These lines drive modern women to see red. But what to do with them? Whether we agree or not, they are the lines Shakespeare wrote and are representative of the values and beliefs of the period in which he wrote and in which the play is set. England may have been ruled by a Queen, but the society still believed in the subservience of women and fathers and husbands had much control over their families and households.

Roundabout’s solution is probably the weakest part of the production. The song is so beautiful and necessary to conclude the play-within-the-play that it could not be cut. So the lyrics were changed with “people” being substituted for “women.”  It is jarring.

But let’s get to this outstanding production. First of all, it is great to have Kelli O’Hara back on Broadway. As Lilli/Kate she once again proves herself a fine actress who can develop chemistry with every leading man she plays opposite. Her voice is ideally suited for Porter’s soaring melodies. I’ve never heard some of these songs sung as well as she does them.

Opposite her, Will Chase is excellent as the blustering Fred and the gold-digging Petruchio. I had forgotten what a fine voice he has; he makes the most of “Where is the life that once I led?” and the duets with O’Hara. Together their voices soar.

As Bill – the gambling “juvenile” lead and Bianca’s suitor, Corbin Bleu shows off his tap dancing skill though it may not truly fit the show. Yet there is something in his performance that is lacking; it is hard to feel as if he believes in his character and his interactions with Bianco/Lois are lukewarm.

I saw the understudy, Christine Cornish Smith as Lois/Bianca and she was terrific. She handled the variety of music – from “Why Can’t You Behave?” to “Always True to You in My Fashion” expertly. I’m sure Stephanie Styles does it equally well.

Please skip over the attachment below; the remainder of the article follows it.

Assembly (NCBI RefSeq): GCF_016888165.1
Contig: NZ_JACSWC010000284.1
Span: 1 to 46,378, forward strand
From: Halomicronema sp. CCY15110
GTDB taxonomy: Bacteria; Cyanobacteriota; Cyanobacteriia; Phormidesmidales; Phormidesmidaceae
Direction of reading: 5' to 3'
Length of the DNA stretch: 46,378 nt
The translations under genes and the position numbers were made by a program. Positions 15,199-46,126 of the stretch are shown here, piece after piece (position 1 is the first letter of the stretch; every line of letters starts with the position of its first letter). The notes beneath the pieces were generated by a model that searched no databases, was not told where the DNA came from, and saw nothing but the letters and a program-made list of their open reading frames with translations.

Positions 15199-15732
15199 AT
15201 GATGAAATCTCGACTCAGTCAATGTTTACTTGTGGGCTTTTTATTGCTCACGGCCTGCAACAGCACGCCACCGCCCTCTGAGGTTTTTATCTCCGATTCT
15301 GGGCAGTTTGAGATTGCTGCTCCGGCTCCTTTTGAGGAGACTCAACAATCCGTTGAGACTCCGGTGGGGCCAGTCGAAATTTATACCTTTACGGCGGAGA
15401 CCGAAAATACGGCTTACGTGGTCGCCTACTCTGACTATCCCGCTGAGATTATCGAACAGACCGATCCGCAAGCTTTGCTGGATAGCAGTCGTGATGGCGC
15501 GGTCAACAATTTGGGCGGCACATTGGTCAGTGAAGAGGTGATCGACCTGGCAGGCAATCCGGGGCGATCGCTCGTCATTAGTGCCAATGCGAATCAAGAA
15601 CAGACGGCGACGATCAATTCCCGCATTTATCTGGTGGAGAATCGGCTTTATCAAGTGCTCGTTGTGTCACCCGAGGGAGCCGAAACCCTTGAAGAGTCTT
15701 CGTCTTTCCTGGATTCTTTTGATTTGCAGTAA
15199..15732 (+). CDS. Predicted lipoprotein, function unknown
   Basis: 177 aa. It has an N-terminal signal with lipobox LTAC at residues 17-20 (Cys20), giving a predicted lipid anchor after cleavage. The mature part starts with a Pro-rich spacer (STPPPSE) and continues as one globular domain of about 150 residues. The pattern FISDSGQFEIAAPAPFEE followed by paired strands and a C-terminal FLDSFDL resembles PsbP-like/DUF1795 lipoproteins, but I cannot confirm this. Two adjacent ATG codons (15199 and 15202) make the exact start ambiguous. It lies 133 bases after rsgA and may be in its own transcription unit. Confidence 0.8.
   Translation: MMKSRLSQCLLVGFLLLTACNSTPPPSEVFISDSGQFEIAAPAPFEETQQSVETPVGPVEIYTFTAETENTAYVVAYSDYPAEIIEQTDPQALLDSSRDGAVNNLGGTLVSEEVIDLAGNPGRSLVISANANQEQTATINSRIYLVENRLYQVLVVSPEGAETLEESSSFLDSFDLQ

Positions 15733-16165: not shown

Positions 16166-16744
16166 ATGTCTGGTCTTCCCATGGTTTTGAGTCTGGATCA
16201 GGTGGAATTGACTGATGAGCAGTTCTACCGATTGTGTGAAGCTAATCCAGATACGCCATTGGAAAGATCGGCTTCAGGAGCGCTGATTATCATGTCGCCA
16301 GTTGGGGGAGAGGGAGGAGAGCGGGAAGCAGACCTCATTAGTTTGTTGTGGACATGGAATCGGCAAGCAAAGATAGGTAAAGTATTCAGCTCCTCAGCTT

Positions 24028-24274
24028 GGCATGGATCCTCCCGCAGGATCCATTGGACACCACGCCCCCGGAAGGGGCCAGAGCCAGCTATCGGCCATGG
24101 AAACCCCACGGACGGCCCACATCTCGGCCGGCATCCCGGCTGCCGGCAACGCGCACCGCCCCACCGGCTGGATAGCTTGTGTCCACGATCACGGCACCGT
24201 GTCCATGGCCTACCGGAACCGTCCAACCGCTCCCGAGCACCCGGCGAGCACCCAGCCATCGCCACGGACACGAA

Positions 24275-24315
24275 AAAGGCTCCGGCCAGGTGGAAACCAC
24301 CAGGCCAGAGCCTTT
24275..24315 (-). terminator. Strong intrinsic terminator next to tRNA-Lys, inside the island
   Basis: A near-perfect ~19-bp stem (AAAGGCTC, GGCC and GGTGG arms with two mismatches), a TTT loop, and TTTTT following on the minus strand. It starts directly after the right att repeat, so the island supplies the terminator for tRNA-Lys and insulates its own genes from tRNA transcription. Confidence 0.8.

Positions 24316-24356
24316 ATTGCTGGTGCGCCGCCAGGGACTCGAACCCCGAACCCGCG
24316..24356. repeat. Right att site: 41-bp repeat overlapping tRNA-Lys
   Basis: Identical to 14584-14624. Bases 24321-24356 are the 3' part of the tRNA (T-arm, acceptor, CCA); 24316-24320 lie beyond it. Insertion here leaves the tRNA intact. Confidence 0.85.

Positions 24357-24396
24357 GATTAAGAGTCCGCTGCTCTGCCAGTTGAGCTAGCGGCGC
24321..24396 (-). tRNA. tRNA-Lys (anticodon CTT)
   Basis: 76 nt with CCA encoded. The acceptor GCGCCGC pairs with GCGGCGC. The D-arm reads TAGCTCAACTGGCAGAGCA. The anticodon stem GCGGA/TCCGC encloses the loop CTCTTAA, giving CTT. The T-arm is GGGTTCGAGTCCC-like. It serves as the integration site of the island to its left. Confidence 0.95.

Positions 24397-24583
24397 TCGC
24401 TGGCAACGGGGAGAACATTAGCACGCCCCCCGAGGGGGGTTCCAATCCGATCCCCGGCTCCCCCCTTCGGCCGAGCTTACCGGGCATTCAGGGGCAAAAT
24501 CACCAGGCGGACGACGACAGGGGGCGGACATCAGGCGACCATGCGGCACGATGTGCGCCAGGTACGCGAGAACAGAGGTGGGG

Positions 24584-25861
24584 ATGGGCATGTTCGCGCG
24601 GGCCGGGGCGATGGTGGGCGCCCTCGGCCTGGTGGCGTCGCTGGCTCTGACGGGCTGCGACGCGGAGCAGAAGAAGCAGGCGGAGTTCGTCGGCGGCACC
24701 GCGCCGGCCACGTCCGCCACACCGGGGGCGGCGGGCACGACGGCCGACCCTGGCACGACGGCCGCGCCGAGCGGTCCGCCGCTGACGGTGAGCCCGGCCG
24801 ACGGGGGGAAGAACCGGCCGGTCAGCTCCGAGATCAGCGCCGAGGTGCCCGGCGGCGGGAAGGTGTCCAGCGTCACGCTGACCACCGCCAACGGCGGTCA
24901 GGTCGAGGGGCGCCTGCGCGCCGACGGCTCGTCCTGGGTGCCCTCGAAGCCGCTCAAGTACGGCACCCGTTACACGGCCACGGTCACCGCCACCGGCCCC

A couple of other quibbles. “From that Moment On” which was added to the movie has become a standard part of the show, for no particular reason. It isn’t as though there aren’t enough wonderful songs. Plus it is given to a very minor character, General Harrison Howell, Lilli’s suitor who makes Petruchio seem like a feminist with his views of women.

Of course, one of the big songs is “Brush Up Your Shakespeare” which the two gangsters, here played by John Panlow and Lance Coadie Williams put over with élan.

Choreographer Carlyle’s work and the cast stop the show with “Too Darn Hot” which opens the second act.

Everything about this production is first rate from the set design by David Rockwell (backstage and Padua), costumes by Jeff Mashie, lighting by Donald Holder, sound by Brian Ronan and orchestrations by Larry Hochman.

Kiss Me, Kate is one of the classics of American musical theater. You owe it to yourself to see this fine productions.

Tickets are available at Roundabout Theatre..

One comment

  1. A really excellent review, Karen. I love Kiss Me, Kate and its wonderful score and the other day watched the film on TCM, which pales in comparison to the actual stage version. “Too Darn Hot,” well done and tapped to perfection by Ann Miller, is played at the beginning as something of an audition for Cole Porter at Fred’s apartment. The gangster number, while well played by Keenan Wynn and James Whitmore, is performed in an alley for Fred during a very long intermission after Act II of the Shrew show, and after Lilli has driven off in the middle of the show. I thought in the stage version it becomes part of the show, so the audience sees it. “From This Moment On” is done in a very brief Act III (!), and each of the three male dancers (Bobby Van, Tommy Rall and Bob Fosse) gets a short solo that has nothing to do with the plot. Fosse’s had to be choreographed by him and has all of his usual moves. It looked like something from Pippin, which came much later. Anyway, it was fun to see it and to watch for the 3-D effects, since it was filmed in 3-D but not released in that format.